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Analysis of the chemical composition of atmospheric organic aerosols by mass spectrometry

Citation

Surratt, Jason D. (2010) Analysis of the chemical composition of atmospheric organic aerosols by mass spectrometry. Dissertation (Ph.D.), California Institute of Technology. http://resolver.caltech.edu/CaltechTHESIS:03122010-020001934

Abstract

Although secondary organic aerosol (SOA) makes up a substantial fraction of the organic mass observed in tropospheric fine particulate matter, there remain significant uncertainties in the true impact of atmospheric aerosols on climate and health due to the lack of full knowledge of the sources, composition, and mechanisms of formation of SOA. This thesis demonstrates how the detailed chemical characterization of both laboratory-generated and ambient organic aerosol using advanced mass spectrometric techniques has been critical to the discovery of previously unidentified sources (i.e., role heterogeneous chemistry) of SOA. The focal point of this thesis is given to the detailed chemical characterization of isoprene SOA formed under both high- and low-NO_x conditions. Until recently, the formation of SOA from isoprene, the most abundant non-methane hydrocarbon emitted into the troposphere, was considered insignificant owing to the volatility of its oxidation products. In conjunction with the chemical characterization of gas-phase oxidation products, we identify the role of two key reactive intermediates, epoxydiols of isoprene (IEPOX) and methacryloylperoxynitrate (MPAN), that are formed during isoprene oxidation under low- and high-NO_x conditions, respectively. Increased uptake of IEPOX by acid-catalyzed particle-phase reactions is shown to enhance low-NO_x SOA formation. The similarity of the composition of SOA formed from the photooxidation of MPAN to that formed from isoprene and methacrolein demonstrates the role of MPAN in the formation of isoprene high-NO_x SOA. More specifically, the further oxidation of MPAN leads to SOA by particle-phase esterification reactions. Reactions of IEPOX and MPAN in the presence of anthropogenic pollutants could be a substantial source of “missing urban SOA” not included in current SOA models. Increased aerosol acidity is found to result in the formation of organosulfates, which was a previously unrecognized source of SOA. By comparing the tandem mass spectrometric and accurate mass measurements collected for both the laboratory generated and ambient aerosol, previously uncharacterized ambient organic aerosol components are found to be organosulfates of isoprene, α pinene, β pinene, and limonene-like monoterpenes, demonstrating the ubiquity of organosulfate formation in ambient SOA. We estimate that the organosulfate contribution to the total organic mass fraction in certain locations could be substantial (upwards of 30%).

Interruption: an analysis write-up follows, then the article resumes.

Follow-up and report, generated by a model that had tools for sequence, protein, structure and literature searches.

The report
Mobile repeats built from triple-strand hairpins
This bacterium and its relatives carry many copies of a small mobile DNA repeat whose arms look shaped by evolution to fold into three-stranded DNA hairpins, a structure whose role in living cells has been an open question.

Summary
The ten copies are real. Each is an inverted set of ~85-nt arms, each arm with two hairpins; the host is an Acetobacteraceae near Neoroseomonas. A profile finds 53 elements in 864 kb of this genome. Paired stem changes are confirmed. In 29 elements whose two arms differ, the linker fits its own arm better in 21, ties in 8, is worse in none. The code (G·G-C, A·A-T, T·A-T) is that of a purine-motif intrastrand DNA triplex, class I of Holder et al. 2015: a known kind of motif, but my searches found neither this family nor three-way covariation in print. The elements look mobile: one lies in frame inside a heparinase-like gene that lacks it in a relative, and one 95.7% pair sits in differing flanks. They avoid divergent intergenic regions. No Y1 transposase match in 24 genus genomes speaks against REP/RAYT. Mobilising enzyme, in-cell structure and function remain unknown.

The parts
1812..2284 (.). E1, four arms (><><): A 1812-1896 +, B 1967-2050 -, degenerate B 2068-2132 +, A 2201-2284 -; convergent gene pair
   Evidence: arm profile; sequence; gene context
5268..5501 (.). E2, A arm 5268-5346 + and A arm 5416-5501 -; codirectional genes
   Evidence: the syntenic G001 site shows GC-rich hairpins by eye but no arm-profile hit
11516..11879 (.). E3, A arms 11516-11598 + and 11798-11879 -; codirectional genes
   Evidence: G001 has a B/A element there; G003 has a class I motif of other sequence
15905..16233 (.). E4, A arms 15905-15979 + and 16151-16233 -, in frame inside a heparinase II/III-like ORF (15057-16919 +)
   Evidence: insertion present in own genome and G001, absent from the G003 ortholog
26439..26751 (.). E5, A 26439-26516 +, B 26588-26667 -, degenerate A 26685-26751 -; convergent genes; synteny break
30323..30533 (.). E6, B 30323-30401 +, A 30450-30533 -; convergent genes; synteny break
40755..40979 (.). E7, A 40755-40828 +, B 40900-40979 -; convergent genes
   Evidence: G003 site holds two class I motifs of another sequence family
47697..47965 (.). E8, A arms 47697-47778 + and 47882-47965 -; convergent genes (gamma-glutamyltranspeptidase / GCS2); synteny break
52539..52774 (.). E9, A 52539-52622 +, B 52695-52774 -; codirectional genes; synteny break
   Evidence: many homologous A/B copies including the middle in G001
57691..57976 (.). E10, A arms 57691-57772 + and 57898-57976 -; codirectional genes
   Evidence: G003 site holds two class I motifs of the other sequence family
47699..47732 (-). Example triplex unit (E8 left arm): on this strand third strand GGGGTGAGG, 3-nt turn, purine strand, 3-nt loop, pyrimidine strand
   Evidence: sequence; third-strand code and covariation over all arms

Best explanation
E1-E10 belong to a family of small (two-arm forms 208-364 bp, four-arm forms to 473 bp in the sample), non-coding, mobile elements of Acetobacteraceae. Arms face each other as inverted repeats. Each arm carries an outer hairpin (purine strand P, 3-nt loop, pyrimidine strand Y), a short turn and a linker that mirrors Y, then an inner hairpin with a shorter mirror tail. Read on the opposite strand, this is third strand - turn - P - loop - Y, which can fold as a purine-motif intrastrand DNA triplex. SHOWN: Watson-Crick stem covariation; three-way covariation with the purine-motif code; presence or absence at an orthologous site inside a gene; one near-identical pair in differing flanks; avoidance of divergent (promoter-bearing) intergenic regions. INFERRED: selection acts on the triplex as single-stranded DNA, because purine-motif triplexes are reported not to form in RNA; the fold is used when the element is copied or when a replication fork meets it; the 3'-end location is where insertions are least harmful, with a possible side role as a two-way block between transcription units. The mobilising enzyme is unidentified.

Item Type:Thesis (Dissertation (Ph.D.))
Subject Keywords:secondary organic aerosol, isoprene, organosulfates
Degree Grantor:California Institute of Technology
Division:Chemistry and Chemical Engineering
Major Option:Chemistry
Thesis Availability:Public (worldwide access)
Research Advisor(s):
  • Seinfeld, John H.
Thesis Committee:
  • Beauchamp, Jesse L. (chair)
  • Flagan, Richard C.
  • Blake, Geoffrey A.
Defense Date:8 March 2010
Author Email:surratt (AT) caltech.edu
Record Number:CaltechTHESIS:03122010-020001934
Persistent URL:http://resolver.caltech.edu/CaltechTHESIS:03122010-020001934
Default Usage Policy:No commercial reproduction, distribution, display or performance rights in this work are provided.
ID Code:5593
Collection:CaltechTHESIS
Deposited By: Jason Surratt
Deposited On:26 Mar 2010 21:59
Last Modified:26 Dec 2012 03:22

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PDF (Full Thesis) - Final Version
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PDF (Title Page_Acknowledgements_Abstract_Indexes) - Final Version
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PDF (Chapter 1_Introduction) - Final Version
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PDF (Chapter 2_Isoprene SOA Chemical Composition) - Final Version
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PDF (Chapter 3_Evidence For Organosulfates in SOA) - Final Version
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PDF (Chapter 4_Effect of Acidity on Isoprene SOA Formation) - Final Version
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PDF (Chapter 5_Organosulfate Formation in Biogenic SOA) - Final Version
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PDF (Chapter 6_Reactive Intermediates Revealed in Isoprene SOA) - Final Version
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PDF (Chapter 7_Conclusions) - Final Version
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PDF (Appendix) - Final Version
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